Ping-pong political polls: confusion to the constituency

Ping-pong political polls: confusion to the constituency
Polling bounces back and forth almost daily between Hillary Clinton and Donald Trump, who debate again this coming Sunday. (Source:

As the second of three presidential debates looms on Sunday’s horizon, public opinion polls show that Democrat Hillary Clinton has a slight lead over GOP nominee Donald Trump.

But wait a minute. A different poll shows Trump holding a lead over Clinton.

The Rasmussen survey that does daily tracking on the Clinton-Trump race on Friday shows Clinton ahead of Trump 43-42 percent. On Thursday, Trump led Clinton 43-41 percent.

Rasmussen surveys likely U.S. voters for its daily tracking numbers, and dutifully noted in Friday morning’s report, “Trump had similar statistically insignificant leads over the past couple days, but it was the first time he had been ahead since last week’s debate. Just before the debate, he was ahead by five points, the biggest lead either candidate has held since White House Watch began in early August.”

“The USC Dornsife/Los Angeles Times ‘Daybreak’ poll tracks about 3,000 eligible voters until election day,” the newspaper explains on its website, “asking on a regular basis about their support for Hillary Clinton, Donald Trump or other candidates as well as their likelihood of actually casting a ballot.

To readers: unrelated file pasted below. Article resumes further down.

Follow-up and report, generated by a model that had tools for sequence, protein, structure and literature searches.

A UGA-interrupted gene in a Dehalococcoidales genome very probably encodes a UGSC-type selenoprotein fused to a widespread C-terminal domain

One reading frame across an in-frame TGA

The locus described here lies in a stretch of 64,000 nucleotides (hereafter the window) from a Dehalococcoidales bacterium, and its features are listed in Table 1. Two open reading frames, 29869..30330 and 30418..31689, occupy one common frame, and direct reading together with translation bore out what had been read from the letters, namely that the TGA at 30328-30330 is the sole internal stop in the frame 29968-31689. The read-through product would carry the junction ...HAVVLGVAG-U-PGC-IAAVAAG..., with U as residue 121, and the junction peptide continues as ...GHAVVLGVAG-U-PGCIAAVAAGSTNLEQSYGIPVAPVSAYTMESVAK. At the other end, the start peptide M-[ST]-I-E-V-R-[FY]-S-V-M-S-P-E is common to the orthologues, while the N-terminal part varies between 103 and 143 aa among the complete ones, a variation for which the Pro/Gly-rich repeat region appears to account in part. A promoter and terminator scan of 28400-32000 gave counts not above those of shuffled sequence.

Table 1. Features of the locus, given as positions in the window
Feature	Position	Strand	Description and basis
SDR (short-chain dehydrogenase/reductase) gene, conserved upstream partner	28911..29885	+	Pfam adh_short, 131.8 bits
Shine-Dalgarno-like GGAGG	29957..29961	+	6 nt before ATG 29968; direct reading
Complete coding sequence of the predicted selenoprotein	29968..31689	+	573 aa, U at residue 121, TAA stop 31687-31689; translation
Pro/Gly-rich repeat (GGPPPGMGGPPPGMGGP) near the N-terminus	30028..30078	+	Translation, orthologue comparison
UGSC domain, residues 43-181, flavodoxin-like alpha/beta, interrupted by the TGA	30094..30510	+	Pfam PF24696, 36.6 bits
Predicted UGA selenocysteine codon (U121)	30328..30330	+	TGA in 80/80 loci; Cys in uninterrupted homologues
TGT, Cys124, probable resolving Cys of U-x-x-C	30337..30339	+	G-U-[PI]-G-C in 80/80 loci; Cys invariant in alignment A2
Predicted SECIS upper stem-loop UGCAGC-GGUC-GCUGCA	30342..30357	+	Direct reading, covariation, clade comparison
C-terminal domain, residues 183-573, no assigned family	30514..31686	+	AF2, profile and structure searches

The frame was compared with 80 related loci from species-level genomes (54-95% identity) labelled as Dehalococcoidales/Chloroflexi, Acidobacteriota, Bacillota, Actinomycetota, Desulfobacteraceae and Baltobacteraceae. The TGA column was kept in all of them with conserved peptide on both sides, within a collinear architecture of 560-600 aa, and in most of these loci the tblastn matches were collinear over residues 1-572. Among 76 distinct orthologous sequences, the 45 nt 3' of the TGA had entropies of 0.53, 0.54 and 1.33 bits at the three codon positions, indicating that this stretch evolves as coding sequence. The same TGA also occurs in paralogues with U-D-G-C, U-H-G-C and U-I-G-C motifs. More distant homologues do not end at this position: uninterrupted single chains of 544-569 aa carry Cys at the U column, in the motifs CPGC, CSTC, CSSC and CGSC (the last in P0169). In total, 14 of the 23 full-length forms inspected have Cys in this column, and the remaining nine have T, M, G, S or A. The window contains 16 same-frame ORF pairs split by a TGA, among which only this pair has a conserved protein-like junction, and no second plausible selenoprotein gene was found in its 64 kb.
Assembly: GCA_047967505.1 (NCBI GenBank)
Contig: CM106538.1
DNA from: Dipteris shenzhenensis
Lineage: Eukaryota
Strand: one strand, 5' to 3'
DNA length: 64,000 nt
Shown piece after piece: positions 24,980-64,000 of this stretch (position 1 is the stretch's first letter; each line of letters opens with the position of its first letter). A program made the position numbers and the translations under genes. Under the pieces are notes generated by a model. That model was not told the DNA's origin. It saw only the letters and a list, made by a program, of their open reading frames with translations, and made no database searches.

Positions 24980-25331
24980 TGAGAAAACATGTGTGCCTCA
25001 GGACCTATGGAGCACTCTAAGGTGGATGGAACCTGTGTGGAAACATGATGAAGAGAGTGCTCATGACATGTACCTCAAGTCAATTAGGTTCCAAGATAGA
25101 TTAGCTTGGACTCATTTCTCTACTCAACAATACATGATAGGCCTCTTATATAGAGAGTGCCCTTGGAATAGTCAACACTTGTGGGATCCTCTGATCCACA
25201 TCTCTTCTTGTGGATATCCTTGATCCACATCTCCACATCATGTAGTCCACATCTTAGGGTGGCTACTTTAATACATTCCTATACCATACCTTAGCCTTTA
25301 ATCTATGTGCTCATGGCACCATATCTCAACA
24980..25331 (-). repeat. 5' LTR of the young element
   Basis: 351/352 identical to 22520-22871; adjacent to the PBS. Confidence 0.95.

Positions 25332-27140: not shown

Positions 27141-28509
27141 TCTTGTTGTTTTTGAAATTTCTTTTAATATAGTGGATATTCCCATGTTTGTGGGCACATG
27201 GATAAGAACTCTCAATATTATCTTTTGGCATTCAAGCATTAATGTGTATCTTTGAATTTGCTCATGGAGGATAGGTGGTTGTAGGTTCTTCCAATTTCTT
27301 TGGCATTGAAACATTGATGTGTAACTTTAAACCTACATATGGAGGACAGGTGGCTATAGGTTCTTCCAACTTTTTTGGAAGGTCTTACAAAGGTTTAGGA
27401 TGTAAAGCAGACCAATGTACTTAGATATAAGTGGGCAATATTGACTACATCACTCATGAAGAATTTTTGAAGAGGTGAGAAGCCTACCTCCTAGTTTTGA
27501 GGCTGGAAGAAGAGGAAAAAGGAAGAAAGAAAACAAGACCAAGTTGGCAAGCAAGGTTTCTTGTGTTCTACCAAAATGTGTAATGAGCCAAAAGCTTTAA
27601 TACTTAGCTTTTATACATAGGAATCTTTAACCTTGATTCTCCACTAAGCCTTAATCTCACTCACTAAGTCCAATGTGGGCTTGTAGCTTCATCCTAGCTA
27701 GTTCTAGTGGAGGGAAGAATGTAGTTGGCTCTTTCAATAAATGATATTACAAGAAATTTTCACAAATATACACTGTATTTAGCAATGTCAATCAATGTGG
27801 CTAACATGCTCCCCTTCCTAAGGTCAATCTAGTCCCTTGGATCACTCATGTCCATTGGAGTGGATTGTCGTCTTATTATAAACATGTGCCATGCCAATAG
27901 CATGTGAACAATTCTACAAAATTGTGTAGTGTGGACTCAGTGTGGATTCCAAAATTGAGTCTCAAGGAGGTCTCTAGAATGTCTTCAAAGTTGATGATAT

“We update the data each day based on the weighted average of poll responses over the previous week. That means results have less volatility than some other polls, but also means the poll lags somewhat in responding to major events in the campaign.”

What could possibly go wrong? Maybe everything?

Daily presidential polls seem to create more confusion than clarity. This year, especially, the polls show one thing above all, however. The race between Clinton and Trump appears very tight but the only poll that counts is on Nov. 8, and that’s when the Electoral College – not necessarily the popular vote – will determine who enters the White House when Barack Obama leaves office.

The bottom line, however, is that people need to vote. From Ft. Lauderdale to Fairbanks, this year perhaps more than any other year, American voters have the chance to determine the direction their country takes for the next four years.

Some pundits say a Clinton victory assures four more years of the Obama doctrine and will turn the nation decidedly far left for the foreseeable future. A Trump win, on the other hand, will put the brakes on Barack’s programs, and keep Clinton out of the Oval Office.


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